Today is voting day for CFLPA members.
A majority vote of players on six of the nine teams must ratify the labour agreement negotiated by their executive with the league.
Will the players ratify, Blue Bombers player representative Glenn January was asked Wednesday?
"My gut tells me we aren't going to know until the polls close," January said.
"There's a lot of people that are being very vocal about their not liking the deal.
"We'll see how it goes. Everybody has one voice no matter how in favour or against you are. You can send out as many tweets (as you want) pro or con but it's still just one vote. So we'll see how the votes come back tomorrow and we'll go from there."
The three-time East Division all-star then went out on a limb -- for him, at least -- decrying what he called a "circus" of a process that has left the players and the league to this point, with pre-season games already underway and a labour agreement not complete.
"The timing of this whole thing has been kind of screwed up," January said. "If I was in the league office, I would definitely move back the date of the expiration of the CBA but hey, I'm not commissioner Mark Cohon, I'm Glenn January of the Winnipeg Blue Bombers.
"This has just been such a circus from top to bottom all across the board. For that to interfere and take away from what my teammates are accomplishing on the field and what major strides we're making as a team, I think it does a disservice to the league."
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On Wednesday, January (infected thumb) and slotback Nick Moore (back) missed time. Moore isn't expected to play Saturday in Calgary.
"We'll give him the rest he needs to feel better," head coach Mike O'Shea said.
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The new head coach was asked Wednesday about his first game in charge on the sidelines.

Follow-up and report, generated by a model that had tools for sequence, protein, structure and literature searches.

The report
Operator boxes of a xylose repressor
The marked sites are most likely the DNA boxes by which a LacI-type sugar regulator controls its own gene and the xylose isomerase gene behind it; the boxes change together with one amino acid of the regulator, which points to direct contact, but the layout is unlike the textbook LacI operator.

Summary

"The report on me was that I was little slow to react possibly in a few situations," O'Shea said.
He added things aren't quite as easy as being an assistant coach or a co-ordinator, but he'll have no trouble working out the decision-making kinks.
And O'Shea made it clear that under his watch, his assistant coaches and co-ordinators will have a clear mandate to speak up at all times on the sidelines.
"It takes time for them to understand that I'm willing to take all information and suggestions, that they're not going to overstep," O'Shea said. "Coaches will never overstep their bounds by giving me information. Ever.
"I fully expect that when I'm about to make a mistake, that these guys bail me out."
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After a review of the game and a day in between to resume regular breathing, O'Shea said there was no point dwelling on the 13 penalties the Bombers were flagged for in Monday's game against Toronto.
"They (the players) are not (happy) either," the coach said Wednesday. "They recognize it.
"You can't beat it to death. They understand. They see it on film. They don't want to be the reason why we didn't (win). They want to be the reason why we can and why we win."